Motorcycling Colombia

The Author and his Motorcycle
The Author and his Motorcycle
The Author and his Motorcycle
The Author and his Motorcycle

When I first moved to Colombia in 2009, my main goal was to buy a motorcycle to explore Colombia and South America.

The plan was to teach middle school history at an international school on the North Coast of Colombia for a year, save money and then live my dream of traveling around South America for a year on a motorcycle.

Little did I know at the time that my motorcycle and I would never leave Colombia…

Upon arriving in Colombia, I was lucky to have two months of vacation time before I had to report to my new job. With the assistance of a very helpful Colombian friend, I purchased my motorcycle, a Kawasaki KLR 650.

I decided I first wanted to rest at the beach for a few weeks, so I set my sights north and traveled to Santa Marta. This was a long, 950 kilometer trek from Bogotá, and I couldn’t have been more excited.

Police stop
Police stop

About four hours into my journey, I was pulled over by two policemen.

My first thought was to prepare to be “shaken down” for a bribe (after twenty months and being stopped dozens of times by police and the military, not once did this happen to me in Colombia), or maybe an inspection of my luggage and my paperwork.

The first thing the policemen said to me was, “Hola amigo,bienvenido en mi pais“ (hello friend, welcome to my country).

The other policeman said, “Mi amigo, tu motocicleta es bonita. Te deseo un viaje agradable en mi pais.” (My friend, your motorcycle is very beautiful, I wish you safe journeys in my country).

After a few moments, I realized that I wasn’t being stopped because I had committed an infraction; I was, in fact, being pleasantly greeted by a Colombian welcoming committee.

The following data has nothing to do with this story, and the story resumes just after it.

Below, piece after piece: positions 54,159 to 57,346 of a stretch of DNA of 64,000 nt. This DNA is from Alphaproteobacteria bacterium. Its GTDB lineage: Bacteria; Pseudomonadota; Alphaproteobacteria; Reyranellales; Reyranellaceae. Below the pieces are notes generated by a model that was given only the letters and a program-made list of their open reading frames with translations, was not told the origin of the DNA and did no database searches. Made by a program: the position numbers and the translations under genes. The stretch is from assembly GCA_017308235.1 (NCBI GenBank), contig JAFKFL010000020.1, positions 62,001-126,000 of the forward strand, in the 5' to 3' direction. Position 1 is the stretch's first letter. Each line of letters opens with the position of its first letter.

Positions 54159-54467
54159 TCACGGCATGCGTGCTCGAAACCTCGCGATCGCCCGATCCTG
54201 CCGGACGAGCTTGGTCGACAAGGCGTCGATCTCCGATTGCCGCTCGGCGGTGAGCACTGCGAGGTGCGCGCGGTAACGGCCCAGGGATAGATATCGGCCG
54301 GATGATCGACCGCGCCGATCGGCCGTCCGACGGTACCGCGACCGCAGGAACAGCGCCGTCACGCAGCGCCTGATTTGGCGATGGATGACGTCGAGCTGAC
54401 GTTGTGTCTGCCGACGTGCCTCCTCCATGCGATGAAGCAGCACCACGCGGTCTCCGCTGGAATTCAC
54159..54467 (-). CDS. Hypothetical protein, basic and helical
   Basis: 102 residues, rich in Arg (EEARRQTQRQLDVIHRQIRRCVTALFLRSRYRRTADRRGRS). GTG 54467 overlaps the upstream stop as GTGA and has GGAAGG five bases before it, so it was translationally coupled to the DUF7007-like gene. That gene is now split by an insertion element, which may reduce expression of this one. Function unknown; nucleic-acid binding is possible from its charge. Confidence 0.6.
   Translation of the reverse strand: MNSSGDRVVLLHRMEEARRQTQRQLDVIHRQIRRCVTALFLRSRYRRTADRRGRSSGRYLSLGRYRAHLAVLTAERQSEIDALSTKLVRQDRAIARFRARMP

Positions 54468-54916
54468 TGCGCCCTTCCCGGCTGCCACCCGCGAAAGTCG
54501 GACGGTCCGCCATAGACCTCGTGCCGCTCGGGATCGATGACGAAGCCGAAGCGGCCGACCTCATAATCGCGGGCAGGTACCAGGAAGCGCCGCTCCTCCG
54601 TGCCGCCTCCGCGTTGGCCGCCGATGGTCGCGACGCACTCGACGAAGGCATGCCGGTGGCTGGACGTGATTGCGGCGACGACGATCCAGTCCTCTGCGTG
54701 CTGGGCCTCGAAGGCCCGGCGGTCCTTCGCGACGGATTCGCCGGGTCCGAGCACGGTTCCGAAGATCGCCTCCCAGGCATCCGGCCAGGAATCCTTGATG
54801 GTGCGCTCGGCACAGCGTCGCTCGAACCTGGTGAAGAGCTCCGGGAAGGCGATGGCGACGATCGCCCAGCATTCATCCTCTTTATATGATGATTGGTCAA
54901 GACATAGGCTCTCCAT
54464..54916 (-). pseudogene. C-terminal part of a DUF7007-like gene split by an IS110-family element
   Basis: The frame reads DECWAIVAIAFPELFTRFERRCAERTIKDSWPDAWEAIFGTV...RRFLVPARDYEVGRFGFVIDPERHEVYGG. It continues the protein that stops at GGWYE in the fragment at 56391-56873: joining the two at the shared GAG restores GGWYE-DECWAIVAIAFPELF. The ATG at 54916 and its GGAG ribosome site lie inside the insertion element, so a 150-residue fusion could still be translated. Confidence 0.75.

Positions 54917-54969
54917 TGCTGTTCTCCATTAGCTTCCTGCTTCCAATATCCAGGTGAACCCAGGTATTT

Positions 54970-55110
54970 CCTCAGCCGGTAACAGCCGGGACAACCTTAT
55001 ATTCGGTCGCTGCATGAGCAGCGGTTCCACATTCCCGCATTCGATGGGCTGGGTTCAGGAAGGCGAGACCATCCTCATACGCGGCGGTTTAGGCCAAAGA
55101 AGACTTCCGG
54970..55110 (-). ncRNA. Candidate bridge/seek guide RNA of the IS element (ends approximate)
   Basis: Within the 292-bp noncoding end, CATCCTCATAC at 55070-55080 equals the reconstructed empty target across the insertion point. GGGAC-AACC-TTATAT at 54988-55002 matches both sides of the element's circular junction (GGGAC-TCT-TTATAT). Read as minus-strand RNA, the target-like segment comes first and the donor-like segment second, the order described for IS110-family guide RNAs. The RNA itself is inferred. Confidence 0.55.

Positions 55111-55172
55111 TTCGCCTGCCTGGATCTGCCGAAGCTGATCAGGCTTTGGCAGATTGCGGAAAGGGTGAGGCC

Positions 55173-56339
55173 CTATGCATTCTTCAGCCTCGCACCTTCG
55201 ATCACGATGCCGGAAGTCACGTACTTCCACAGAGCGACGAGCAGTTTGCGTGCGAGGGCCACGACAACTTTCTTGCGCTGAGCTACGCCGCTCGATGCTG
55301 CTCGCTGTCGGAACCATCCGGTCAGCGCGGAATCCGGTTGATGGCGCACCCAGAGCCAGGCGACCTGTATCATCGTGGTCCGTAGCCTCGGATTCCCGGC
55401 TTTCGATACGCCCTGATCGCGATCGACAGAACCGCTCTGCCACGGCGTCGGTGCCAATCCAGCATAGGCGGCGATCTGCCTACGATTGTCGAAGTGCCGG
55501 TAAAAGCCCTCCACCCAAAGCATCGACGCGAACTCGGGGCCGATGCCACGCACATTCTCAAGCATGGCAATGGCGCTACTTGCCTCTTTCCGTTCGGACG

Throughout the next twenty months I would have countless other equally positive encounters with the Colombian military and police.

After spending a few awesome weeks in the Santa Marta area, I set off on this route:

  • Santa Marta to Medellín
  • Medellín to Bogotá
  • Bogotá to La Guajira

For a year, I made dozens of small trips on the North Coast and one long trip from La Guajira to Cartagena to Armenia and back to La Guajira over Christmas break.

In June 2010, I left my job and, instead of going on my South American motorcycle trip, I decided to act on another dream of starting my own business.

I created my own travel guide company and set off on an adventure to write and produce my own travel guide on Colombia. I structured a business and began to build a website as I traveled Colombia researching the North Coast of Colombia.

My route for my journey (on my motorcycle unless noted in parentheses):

La Guajira to Valledupar; to Bogotá (by plane); to Chicago (by plane, to visit my family); Back to Bogotá (by plane); to Valledupar (by plane); to Riohacha; to Valledupar; to Santa Marta; to Barranquilla; to Cartagena; to Tolu; to Mompox; to Taganga; to Riohacha; to Cabo de Vela (by car); to Valledupar; to Bogotá (by plane); to Valledupar (by plane) and one final journey on my motorcycle back to Bogotá, where I finished writing and producing the book.